The most interesting news from Facebook’s F8 last week was the announcement of App Links. If you are unfamiliar with the announcement, watch the 1 minute video embedded below which does a great job of setting up the sales pitch. Using App Links, mobile app developers can put markup in their web pages that indicate how to launch that page in their application on Android, iOS and Windows Phone. For example, clicking on a link to a FourSquare check-in from the news feed will launch the FourSquare app on your phone and will open that specific location or event. .
The interesting question is why is Facebook doing this? It boils down to the fact that Facebook is an advertising company which makes the majority of its revenue from those ads asking you to install Candy Crush and Clash of Clans in your news feed.
Facebook’s pattern at this point is well known. They give you something of value for free (traffic) and once you get hooked they dial it down until you have to pay. The world is littered with the ashes of various companies who were once media darlings because Facebook gave them a bunch of free traffic from liberal news feed algorithms and then turned off the spigot. Just ask Viddy, all those social readers, Zynga, or read that hilarious break up letter from those guys at Eat24.
Publishers who use app links will likely get a boost in the news feed algorithm likely under the pretext that they provide a better user experience to consumers. Early success stories will cause lots of developers to create app links and then get hooked on the traffic they get from Facebook. Eventually your traffic will start dropping and any complaints will be met with an elaborate mathematical formula which explains why your content isn’t that hot on Facebook anymore. But don’t worry, you can fix all that by buying ads.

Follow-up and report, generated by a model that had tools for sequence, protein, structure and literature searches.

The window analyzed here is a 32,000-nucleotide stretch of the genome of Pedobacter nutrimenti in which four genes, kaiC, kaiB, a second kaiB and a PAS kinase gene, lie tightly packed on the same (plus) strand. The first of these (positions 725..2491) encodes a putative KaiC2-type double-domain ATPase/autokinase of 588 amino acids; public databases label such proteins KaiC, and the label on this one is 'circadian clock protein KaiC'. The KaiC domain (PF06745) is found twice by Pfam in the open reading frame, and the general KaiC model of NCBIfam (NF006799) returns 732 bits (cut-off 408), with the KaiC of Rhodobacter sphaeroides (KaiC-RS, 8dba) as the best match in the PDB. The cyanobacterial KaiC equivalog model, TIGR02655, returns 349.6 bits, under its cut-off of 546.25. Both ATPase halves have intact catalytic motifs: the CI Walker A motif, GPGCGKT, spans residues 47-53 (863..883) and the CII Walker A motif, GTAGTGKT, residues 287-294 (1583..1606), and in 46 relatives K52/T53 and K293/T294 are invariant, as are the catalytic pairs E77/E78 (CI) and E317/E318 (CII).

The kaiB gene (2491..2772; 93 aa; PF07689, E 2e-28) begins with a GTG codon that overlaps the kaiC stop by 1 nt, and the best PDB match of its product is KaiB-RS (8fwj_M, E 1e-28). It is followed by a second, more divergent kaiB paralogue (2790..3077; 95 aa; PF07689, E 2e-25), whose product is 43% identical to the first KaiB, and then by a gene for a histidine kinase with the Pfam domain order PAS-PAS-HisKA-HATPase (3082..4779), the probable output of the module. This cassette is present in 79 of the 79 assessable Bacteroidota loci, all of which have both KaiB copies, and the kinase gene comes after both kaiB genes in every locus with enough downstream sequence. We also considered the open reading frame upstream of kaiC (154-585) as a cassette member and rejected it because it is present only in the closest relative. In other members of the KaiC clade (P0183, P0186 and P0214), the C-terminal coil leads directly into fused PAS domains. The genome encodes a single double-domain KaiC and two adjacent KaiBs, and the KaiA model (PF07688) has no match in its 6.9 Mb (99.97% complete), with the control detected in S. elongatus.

It’s obvious, devious and I love it. Especially since it does actually move the user experience of the mobile web forward even if the end goal is to make Facebook tons of money.
The other thing I give Facebook props for is holding a mirror up to the major search engines to see how silly we were being. Bing supports standards for app linking but it's only for Windows & Windows Phone apps. Google supports the same and again it only works for Android apps. Facebook is trying to say it doesn’t matter if you are on the web, Windows Phone, Android or iOS, links in the news feed should open in the native app on that platform. Google and Bing’s search engines on the other hand only supported the same when searching on the OSes from their parent companies. #strategytax
Hopefully Facebook’s move will bring more inclusiveness across the board from many online platform providers not just search engines. For example, I would love it if email providers also supported app links as well.
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